- Visit Art and Culture Murals in Oakland
- Visit the Gallery of California History Black Power exhibit at Oakland Museum of California
- Print out Black Lives Matter or Feminist Icons Coloring Book Pages for your little ones or young people at home (Some are free or some cost money)
- Watch Emmy award-winning HBO Documentary “We are the Dream” featuring Ms. Torres’ 2018-2019 Second Grade as they compete in the Oakland wide MLK Oratorical Contest.
- Learn to make a traditional family meal or tell a family story at “Tonight We Unite”, Montclair’s annual event event that celebrates our unique and diverse student body.
Additional Parenting Resources
- Nice White Parents podcast: Five-parent series about building a better school system, and what gets in the way.
- Latinxparent.org: A bilingual organization rooted in children’s rights, social and racial justice and antiracism that offers family education and support.
- Parenting tips and a curation of anti-racist tools and resources for children and families
- Resources to support kids in the early teens, as they become aware of racial difference
- How to Talk to Your Kids About Anti-Racism: A List of Resources
- How to Talk with Kids About Violence at the US Capitol (Common Sense Media)
- How to Talk to Kids about the Capital Riots Experts weigh in on why it’s important to explain the news in an honest, age-appropriate way.
- Don’t Shy Away About Talking to Kids About the Capitol Riots. They Know More Than You Think. (The Washington Post)
- How to Talk to Kids about the Riots at the U.S. Capitol (NPR)
- Is the News Too Scary for Kids? How, and when, to introduce current events to your children. (NY Times)
- Teachers Across the Country Try to Explain an Unforgettable Day in US history The Washington Post)
- Raising Kids who Embrace Race: a Podcast from the National PTA: Notes from the Backback
Free Curriculum and Resources for Parents and Educators
- Teaching Tolerance Tiger Rising: Teaching Tolerance provides free resources to educators—teachers, administrators, counselors and other practitioners—who work with children from kindergarten through high school. Educators use our materials to supplement the curriculum, to inform their practices, and to create civil and inclusive school communities where children are respected, valued and welcome participants.
- Black Lives Matter Curriculum: A team of people from around the country worked collaboratively to curate a variety of classroom resources for every age group. These resources are all free of charge and meant to be shared and used. The goal of these lessons and activities is to challenge racism and oppression and provide students with the vocabulary and tools needed to take action.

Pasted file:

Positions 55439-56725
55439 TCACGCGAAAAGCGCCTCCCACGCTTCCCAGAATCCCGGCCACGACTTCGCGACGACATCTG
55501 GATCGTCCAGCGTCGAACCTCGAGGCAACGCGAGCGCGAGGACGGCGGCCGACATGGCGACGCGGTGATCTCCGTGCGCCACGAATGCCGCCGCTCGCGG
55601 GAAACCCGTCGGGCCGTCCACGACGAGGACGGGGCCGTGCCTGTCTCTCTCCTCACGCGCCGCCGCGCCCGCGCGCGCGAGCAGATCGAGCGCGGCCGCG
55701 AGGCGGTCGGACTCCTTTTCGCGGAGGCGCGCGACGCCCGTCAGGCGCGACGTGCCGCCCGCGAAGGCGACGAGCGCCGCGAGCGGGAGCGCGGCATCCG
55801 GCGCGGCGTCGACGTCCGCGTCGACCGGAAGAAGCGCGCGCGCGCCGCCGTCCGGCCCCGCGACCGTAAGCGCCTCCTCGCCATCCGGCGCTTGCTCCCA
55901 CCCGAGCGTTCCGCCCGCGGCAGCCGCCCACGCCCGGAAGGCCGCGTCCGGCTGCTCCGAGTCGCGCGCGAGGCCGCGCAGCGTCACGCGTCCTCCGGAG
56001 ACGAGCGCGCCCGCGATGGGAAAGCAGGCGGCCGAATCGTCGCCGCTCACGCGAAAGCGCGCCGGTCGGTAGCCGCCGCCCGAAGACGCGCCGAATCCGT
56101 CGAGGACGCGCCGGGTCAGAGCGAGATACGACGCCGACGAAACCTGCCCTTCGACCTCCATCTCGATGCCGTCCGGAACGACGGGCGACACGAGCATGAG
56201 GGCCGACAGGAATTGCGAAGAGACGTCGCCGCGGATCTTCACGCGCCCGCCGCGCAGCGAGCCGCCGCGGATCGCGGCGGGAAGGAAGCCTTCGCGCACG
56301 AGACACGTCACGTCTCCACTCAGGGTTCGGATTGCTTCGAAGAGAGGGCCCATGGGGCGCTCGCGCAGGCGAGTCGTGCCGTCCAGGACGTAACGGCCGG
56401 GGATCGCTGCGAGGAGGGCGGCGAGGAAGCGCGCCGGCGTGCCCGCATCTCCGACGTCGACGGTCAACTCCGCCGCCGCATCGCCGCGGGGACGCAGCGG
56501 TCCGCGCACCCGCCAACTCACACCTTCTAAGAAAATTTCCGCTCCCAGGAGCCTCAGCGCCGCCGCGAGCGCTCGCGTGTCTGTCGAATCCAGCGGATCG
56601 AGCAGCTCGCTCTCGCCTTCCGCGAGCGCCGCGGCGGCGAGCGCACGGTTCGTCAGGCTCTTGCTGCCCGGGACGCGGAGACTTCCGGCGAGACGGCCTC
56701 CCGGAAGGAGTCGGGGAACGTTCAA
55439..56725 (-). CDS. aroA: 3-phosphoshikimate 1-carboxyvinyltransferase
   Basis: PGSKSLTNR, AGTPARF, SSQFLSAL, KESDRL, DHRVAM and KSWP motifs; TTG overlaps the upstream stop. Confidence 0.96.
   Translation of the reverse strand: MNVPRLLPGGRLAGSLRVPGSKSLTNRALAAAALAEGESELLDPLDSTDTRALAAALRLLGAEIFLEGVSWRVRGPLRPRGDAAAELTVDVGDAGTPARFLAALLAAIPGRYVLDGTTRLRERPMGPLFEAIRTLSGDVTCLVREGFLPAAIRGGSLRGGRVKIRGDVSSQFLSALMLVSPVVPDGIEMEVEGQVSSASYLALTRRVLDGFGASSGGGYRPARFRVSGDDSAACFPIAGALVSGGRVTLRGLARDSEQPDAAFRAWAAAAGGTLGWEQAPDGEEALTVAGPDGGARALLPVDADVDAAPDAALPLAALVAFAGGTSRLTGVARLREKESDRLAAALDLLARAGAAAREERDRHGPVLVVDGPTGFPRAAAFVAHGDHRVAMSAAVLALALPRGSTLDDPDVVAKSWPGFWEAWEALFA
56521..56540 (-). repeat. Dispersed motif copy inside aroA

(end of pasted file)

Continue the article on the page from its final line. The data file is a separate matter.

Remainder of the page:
- The Teaching Tolerance Anti-Bias Framework: A Project of the Southern Poverty Center provides a set of standards leveled for every stage of K–12 education. Divided into four domains—identity, diversity, justice and action (IDJA)—the Standards recognize that, in today’s diverse classrooms, students need knowledge and skills related to both prejudice reduction and collective action.
- Pollyanna Racial Literacy Curriculum and a Parent/Guardian Companion Guide is designed to help students gain knowledge about race as it has been constructed in the United States, and aims to help students acquire an awareness of their own racial socialization and skills for engaging in productive conversations about race and racism.
- Integrating Math and Social Justice: Short two minute video.
- Trying Together: An aggregation of anti-racism resources and curriculum for teachers and adults.
- New York Times 26 Mini Films For Exploring Racial Bias and Identify with Students: The NY TImes pulled together 26 documentaries that range in time from 1 to 7 minutes and tackle issues of race, bias and identity. To help teachers make the most of these films, we also provide several teaching ideas, related readings and student activities.
Celebrating Our Diversity: Resources for Montclair Students
- Tonight We Unite Annual Montclair Event
- Annual MLK oratorical competition (Watch current Montclair students compete in the 2019 documentary We are the Dream).